First, Burton argues that the Court should defer to the Legislature if there is still time for a plan to be legislatively enacted. Here's an excerpt from this portion of Burton's Response:
The Mississippi Legislature has not failed to “reapportion according to constitutional requisites.” White v. Weiser, 412 U.S. 783, 794-95 (1973) (quoting Reynolds v. Sims, 377 U.S. 533, 586 (1964)) In stark contrast, the work of the Mississippi Legislature in the 2011 regular session showed both chambers fully respecting federal constitutional and statutory law. The stalemate over the House Plan was not a product of unconstitutional motives by purpose or effect, but simply disagreements arising out of the inherent political and partisan nature of the reapportionment process. The United States Supreme Court has recognized that the political nature of reapportionment proceedings is the very reason why federal courts should defer the task to the legislatures of the states.Second, Burton argues that there is still time for the Legislature to enact a plan. Burton relies on his affidavit that negotiations are ongoing, and that the possibility exists for a legislative solution, to support this position.
On the third point, Burton argues that the Senate plan, while not passed as a Joint Resolution in accordance with Section 254 of the Mississippi Constitution of 1890 (which guides redistricting efforts), should be treated as a "legislatively enacted plan". This is likely one of the core issues with which the Court is struggling. I can't efficiently state this any more effectively than Taggart did, so I'll add this lengthy quote from the Response:
The United States Supreme Court looked at the issue of whether a proposed redistricting plan should be considered “legislatively enacted” in the case of Wise v. Lipscomb, 437 U.S. 535 (1978). In Wise, the Court considered whether a reapportionment plan presented by the Dallas City Council if adopted by the trial court was legislatively enacted, or was judicially created. In the Court‟s plurality opinion, Justice White wrote that the plan was in fact legislatively enacted even though the Dallas City Council did not have the authority to reapportion itself. Justice Powell (joined by the Chief Justice, Justice Blackmun, and Justice Rehnquist), writing in a concurring opinion, went further to say that whether the council had the power to reapportion itself was irrelevant in a determination of whether the plan was legislatively enacted. “The essential point is that the Dallas City Council exercised a legislative judgment, reflecting the policy choices of the elected representatives of the people, rather than the remedial directive of a federal court.” Wise, 437 U.S. at 548. In short, a majority of the Court in Wise expressly found that a redistricting plan, even if not perfectly adopted according to state law, was still a “legislative plan” if approved by a legislative body of the state.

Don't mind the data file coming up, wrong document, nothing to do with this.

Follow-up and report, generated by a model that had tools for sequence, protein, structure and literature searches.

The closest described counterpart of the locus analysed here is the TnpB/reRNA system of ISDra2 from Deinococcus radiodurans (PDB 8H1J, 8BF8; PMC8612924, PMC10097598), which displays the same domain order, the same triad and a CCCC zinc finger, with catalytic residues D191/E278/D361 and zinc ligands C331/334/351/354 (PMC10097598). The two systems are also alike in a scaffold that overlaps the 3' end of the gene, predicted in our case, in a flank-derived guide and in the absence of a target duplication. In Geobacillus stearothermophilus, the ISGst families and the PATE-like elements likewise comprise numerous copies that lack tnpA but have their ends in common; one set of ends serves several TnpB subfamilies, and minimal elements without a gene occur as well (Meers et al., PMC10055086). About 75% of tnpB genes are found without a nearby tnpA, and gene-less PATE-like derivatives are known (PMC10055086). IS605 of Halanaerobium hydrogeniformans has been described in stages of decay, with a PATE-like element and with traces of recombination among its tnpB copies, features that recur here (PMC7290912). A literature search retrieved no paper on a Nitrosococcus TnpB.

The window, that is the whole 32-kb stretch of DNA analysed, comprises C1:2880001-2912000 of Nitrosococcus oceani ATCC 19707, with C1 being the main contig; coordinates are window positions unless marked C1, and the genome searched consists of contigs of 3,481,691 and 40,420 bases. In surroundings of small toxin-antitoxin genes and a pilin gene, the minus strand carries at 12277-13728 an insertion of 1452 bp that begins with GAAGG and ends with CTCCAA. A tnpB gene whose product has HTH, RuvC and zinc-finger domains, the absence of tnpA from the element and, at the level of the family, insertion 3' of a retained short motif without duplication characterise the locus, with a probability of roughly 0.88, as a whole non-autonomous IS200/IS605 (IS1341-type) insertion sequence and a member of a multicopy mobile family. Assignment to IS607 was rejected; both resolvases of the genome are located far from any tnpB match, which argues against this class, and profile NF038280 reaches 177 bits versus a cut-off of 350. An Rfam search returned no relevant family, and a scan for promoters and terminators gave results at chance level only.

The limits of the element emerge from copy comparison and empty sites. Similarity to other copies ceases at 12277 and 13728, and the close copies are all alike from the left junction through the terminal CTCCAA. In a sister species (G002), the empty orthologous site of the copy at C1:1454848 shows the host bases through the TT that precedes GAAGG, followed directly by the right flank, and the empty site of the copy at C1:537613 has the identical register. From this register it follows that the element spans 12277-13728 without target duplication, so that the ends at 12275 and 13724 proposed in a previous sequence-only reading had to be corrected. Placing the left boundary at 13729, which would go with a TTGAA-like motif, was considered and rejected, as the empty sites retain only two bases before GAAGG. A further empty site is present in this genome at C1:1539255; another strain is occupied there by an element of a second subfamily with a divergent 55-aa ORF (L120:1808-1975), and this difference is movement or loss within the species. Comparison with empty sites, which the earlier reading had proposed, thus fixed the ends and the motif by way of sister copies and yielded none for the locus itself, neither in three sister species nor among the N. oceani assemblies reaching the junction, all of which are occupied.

The Court once again took up this issue in McDaniel v. Sanchez, 452 U.S. 130 (1981). “As Justice Powell pointed out in Wise v. Lipscomb, [citations omitted], the essential characteristic of a legislative plan is the exercise of legislative judgment. The fact that particular requirements of state law may not be satisfied before a plan is proposed to a federal court does not alter this essential characteristic.” McDaniel, 452 U.S. at 152.
In the case now pending, the Senate Plan, passed by both chambers of the Mississippi Legislature and presented to this Court by Senator Burton, is most certainly an expression of the will of the people through the “exercise of legislative judgment.” Id. Granted, the Senate Plan did not pass all the state law requirements to be considered law in Mississippi, because it was not part of a joint resolution adopted by the Mississippi Legislature as required by §254 of Mississippi's Constitution. Under the directives of Wise and Sanchez, though, the Senate Plan is quite clearly a “legislatively enacted plan” for purposes of this Court‟s consideration and use.
Burton's fourth point is that the Court, if imposing an interim plan, does not have to seek preclearance from the Justice Department under the Voting Rights Act. Burton cites several cases in that portion of his Response that I need to re-read before I pass judgment on the strength of that particular argument.
In closing, there is one issue that is likely front and center on the three judges' minds right now. The issue is whether the Court should defer to plans crafted by the Standing Joint Legislative Committee on Reapportionment Committee and passed out of each respective chamber of the Legislature after thousands of hours of work and a multitude of public hearings around the state. Burton, through Taggart, makes a very strong case for the Court doing just that.